Friday, October 21, 2011

Three Musketeers

Alexandre Dumas is rolling over in his grave for shame of being associated with this film. Very few aspects of the 19th century classic, "Les Trois Mousquetaires", hold true in this film. The introduction of D'Artagnan (Logan Lerman), quickly becomes satirized for a modern viewing audience as he chases the Cardinal's guard. Through his cocky arrogance he is challenged to a duel by each of the three musketeers (Athos, Aramis and Porthos) who are then as a group attacked by the Cardinal's guards, the four unite and escape. A loosely based plot of recovering the Queens jewels ends any similarity to the classic.

The studio has built "Three Musketeers" with the expectation of making it a series and who better to guide this film than Paul W.S. Anderson who is really only known for making films into a series. This includes the four "Resident Evil" films (with a fifth being filmed) and two "Death Race" films (with a third in the works). The original writings of Dumas were published as a serial for the local newspapers and subsequent novels referred to as the D'Artagnan Romances. As such, turning the film into a trilogy is easily possible if the theater ticket sales support the concept.

The script was filled with cheesy one-liners; and the concepts employed in the film were nauseating much like the reference by Planchet (James Corden) to hating air travel. The film brought modern technology into the 19th century, most notably lasers, that were reminiscent of "Wild Wild West" and the most recent "Shirlocke Holmes" with their gadgetry used by the characters to complete their respective missions.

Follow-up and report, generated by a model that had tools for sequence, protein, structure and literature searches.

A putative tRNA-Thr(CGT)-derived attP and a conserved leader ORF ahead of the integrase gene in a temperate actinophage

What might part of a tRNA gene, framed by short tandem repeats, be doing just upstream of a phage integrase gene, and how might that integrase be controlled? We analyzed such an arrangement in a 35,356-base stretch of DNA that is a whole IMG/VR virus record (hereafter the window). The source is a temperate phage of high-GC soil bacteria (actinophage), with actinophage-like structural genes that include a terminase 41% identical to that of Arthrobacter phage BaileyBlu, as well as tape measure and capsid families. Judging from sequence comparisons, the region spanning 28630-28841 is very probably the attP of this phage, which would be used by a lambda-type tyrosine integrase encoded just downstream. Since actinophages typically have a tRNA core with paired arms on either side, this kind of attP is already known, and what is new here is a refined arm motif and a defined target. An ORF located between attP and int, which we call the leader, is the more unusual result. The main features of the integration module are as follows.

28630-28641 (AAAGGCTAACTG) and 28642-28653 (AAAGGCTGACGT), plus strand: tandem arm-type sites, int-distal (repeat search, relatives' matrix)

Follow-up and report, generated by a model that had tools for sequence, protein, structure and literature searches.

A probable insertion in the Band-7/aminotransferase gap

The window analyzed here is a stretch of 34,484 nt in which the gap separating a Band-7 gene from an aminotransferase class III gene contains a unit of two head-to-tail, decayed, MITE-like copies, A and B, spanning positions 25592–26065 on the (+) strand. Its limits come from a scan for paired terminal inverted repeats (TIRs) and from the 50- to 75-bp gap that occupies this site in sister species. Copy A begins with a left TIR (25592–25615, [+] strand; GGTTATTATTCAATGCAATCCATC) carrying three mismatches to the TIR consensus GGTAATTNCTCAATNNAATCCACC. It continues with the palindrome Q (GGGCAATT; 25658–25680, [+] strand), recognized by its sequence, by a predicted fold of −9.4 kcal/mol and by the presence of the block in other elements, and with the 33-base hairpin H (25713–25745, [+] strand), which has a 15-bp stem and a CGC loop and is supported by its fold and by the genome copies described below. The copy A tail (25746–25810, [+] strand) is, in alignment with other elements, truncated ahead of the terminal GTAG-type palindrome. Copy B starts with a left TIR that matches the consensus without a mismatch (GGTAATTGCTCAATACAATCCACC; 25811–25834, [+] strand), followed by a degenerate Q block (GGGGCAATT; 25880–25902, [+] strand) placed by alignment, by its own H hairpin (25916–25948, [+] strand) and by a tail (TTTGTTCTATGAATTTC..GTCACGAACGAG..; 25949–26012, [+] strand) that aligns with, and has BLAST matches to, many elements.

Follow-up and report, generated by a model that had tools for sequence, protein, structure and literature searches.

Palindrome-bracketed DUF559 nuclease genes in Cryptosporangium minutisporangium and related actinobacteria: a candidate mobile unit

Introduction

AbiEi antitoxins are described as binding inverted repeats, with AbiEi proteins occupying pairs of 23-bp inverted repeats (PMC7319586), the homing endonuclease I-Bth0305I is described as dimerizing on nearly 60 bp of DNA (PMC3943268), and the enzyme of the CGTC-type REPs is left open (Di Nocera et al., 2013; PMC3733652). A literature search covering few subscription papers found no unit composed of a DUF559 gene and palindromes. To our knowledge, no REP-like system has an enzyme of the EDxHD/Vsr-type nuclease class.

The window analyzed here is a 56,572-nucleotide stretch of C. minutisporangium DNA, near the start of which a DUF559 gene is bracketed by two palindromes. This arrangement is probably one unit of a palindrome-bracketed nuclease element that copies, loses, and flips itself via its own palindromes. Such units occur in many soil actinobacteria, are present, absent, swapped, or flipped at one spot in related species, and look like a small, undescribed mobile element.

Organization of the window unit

The Musketeers provide every cliche to their characters. Athos (Matthew Macfadyen) appears as a poor-mans Brendan Fraser providing the calculated arrogant leadership to the team, Porthos (Ray Stevenson) provides the muscle and comedic banter to the team similar to his role in "Thor", and Aramis (Luke Evans) delivers the acrobatic agility and calming Zen-like persona.

As recently seen in "Inglourious Basterds" (2009) and "Green Hornet" (2011), Christopher Waltz enjoys playing the villain. However, his performance as the power seeking Cardinal Richelieu borders on being cartoonish. Perhaps it was his requirement of babysitting the fancy pants King Louis XIII (Freddie Fox) who has been cuckolded by the charming and innocent Queen (Juno Temple). Regardless, the character was more reminiscent of the evil Boris from the "Rocky and Bullwinkle Show" with the equivalent of his Natasha being played by Milla Jovovich. The other villain in the film is portrayed by Orlando Bloom who is trying to give his best overacting performance reminiscent of "Pirates of the Caribbean" and Johnny Depp.

This film isn't going to blow you away with special effects or 3D wizardry (seriously see it in 2D). Certain moments of the film reminded more of a board game being of Risk being brought to life. The film isn't as bad as I probably make it sound, so 2 Quacks is still respectable enough for this film. There are a lot of good films hitting the theaters, but if you cannot find anything better you will at the very least be entertained.

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